HAF’s bumper line-up of fiction and documentary projects, including works-in-progress, sheds light on the rapid sociological changes in China, among other topics.
The 18th Hong Kong Asia Film Financing Forum (HAF) takes place August 26-28 this year in a virtual format, alongside Filmart Online, both postponed from March because of the Covid-19 pandemic.
This year’s HAF has shortlisted 32 projects – up from 23 projects last year – with nine documentary projects and 13 fiction projects including eleven from first-time directors.
The project market has also announced 22 titles for Work-In-Progress (WIP) – 12 documentaries and ten fiction films, up from last year’s nine documentaries and ten fiction films.
“The increase in number of projects was in the pipeline in planning before last year,” says HAF director Jacob Wong. “The increase is in the documentary projects. Starting this year, we also have a project market section for documentaries in HAF. It was a logical progression from our previous edition’s WIP where we had a documentaries section.”
“I’ve always wanted to do documentaries,” Wong continues. “So far, it’s been difficult because it’s a different animal. We experimented before but it wasn’t very successful because it wasn’t very specific. The commissioning editors told me that it would only be worthwhile for them to travel if we had 25 projects but we only had ten. There is more interest in documentaries these days.”
Documentaries in HAF include Eden Bernal’s The Siren Song, about three generations of Mexican fisherwomen, produced by Hong Kong’s Polly Yeung (the first project from Mexico to participate in HAF); journalist Dean Napolitano’s debut documentary June Snow – about New York-born Eliza Li who follows in her parents’ footsteps in becoming a Cantonese opera performer – with Oscar-winner Ruby Yang attached as producer; and Sahra Mani’s Kabul Melody, which looks at young Afghan girls who risk their lives to play music.
“The majority of course is from China like everything else here,” says Wong. “There is definitely no shortage of issues that one can address and there’s a big domestic market with demand. I think the subject matter is going mainstream in the sense that it’s the kind of subject matter that most people in China will be interested in.”
WIP documentaries from China include Another Brick On The Wall, director Zhang Nan’s look at people restoring certain parts of the Great Wall; Being Mortal, Luo Shuai’s project on hospice care volunteers working with people in the last stretch of their life’s journey; Fan Jian’s Born To Be Second, about families who lost their only child in the Sichuan earthquake and were allowed to have a second child; and Yang Lina’s Leap Of Faith, about young women equestrians in their teens.
“You can see reflections of changes in China. So if one was to look at the subject matter, it might be quite interesting for Sinologists. How China is changing sociologically irrespective of politics. It’s a very big country, a superpower but also a developing country – for the first time in history,” Wong notes.
Fiction projects in HAF and WIP include Sompot Chidgasornpongse’s Thai project 9 Temples To Heaven, in which a family of nine takes their grandmother on a pilgrimage to nine Buddhist temples in one day in an attempt to prolong her life. Apichatpong Weerasethakul is attached as a producer.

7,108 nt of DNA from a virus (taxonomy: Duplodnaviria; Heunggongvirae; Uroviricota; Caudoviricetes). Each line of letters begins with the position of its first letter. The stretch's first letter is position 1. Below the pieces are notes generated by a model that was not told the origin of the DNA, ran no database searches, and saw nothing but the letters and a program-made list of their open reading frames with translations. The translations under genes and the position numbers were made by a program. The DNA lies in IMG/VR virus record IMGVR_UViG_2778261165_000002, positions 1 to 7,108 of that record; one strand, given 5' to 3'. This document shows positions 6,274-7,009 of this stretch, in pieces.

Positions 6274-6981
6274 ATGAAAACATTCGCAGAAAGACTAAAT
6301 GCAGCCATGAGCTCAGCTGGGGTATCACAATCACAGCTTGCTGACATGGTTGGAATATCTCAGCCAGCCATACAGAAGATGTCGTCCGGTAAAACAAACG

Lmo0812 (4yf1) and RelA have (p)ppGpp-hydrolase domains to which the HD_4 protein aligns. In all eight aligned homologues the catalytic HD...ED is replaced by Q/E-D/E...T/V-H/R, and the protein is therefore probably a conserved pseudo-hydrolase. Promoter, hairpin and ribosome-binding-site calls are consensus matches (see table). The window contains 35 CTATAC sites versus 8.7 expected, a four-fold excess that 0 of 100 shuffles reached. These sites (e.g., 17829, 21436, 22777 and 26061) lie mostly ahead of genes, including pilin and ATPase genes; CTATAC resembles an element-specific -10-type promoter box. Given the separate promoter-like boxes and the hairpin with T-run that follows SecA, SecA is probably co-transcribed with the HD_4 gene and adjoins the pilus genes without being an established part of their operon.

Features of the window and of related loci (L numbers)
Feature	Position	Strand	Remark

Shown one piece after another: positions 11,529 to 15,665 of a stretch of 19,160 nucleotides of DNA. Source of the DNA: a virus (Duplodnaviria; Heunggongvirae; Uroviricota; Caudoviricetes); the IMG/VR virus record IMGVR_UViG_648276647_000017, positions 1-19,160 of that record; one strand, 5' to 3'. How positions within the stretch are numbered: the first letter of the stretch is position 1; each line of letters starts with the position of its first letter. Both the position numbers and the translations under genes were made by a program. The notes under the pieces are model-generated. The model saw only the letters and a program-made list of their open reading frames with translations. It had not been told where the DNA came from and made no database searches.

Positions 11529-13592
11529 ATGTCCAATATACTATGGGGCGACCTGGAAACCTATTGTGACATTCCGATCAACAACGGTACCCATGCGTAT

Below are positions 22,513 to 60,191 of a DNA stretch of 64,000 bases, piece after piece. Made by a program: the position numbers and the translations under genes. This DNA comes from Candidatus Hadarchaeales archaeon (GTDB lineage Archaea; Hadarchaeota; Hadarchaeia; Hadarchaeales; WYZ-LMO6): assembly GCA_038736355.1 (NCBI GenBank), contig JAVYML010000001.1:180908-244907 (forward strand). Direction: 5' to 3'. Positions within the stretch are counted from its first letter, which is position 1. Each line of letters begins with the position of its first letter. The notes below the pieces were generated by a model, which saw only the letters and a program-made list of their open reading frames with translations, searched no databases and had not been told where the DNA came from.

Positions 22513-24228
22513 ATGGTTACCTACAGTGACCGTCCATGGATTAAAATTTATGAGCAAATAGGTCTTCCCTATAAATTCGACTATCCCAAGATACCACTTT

The fiction selection also includes Locarno Golden Leopard winner Yeo Siew Hua’s Singaporean drama and suspense project Stranger Eyes, and Kavich Neang’s debut feature White Building, a Cambodia-France co-production about the demolition of a landmark tenement building and the people it affects, with Davy Chou attached as a producer.
Although Hong Kong was initially successful in dealing with the pandemic, HAF along with Filmart opted to go virtual due to travel restrictions and quarantine requirements across the region. The project market is using the Filmart Online platform for facilitating virtual meetings.
Organisations registered to take part in HAF include the festivals of Cannes, Berlin, Busan and Switzerland’s Visions du Réel, along with companies such as Bona Film Group, Huayi Brothers, Tencent, Films Boutique and Media Asia. Specifically documentary-related companies include CAT&Docs, British Columbia’s Knowledge Network, Documentary Dream Center and Cinephil.
“WIP has become very popular with festival programmers. The Europeans will be here with subsidy money and the Chinese looking for what they’re looking for,” says Wong, noting he can’t always tell what that is.
“A few years ago, we had a Ning Hao-produced film – Dying To Survive, about generic drugs being brought in from India – a well-done commercial project which went on to make billions at the box office, but nobody picked it up at HAF,” Wong remembers
“The director was very good at the time HAF selected it, you could tell he knows what he is doing, and I know Ning Hao is very thorough and conscientious. So the foundations were there. At the time, people thought it’s not easy subject matter. It ended up being one of the top five money-makers in China two years ago.”
In addition to its existing raft of cash and in-kind awards, the project market has a new WIP Fiction Award of $10,000 (HK$78,000) to be presented by Create Hong Kong, Hong Kong Film Development Fund and HAF.
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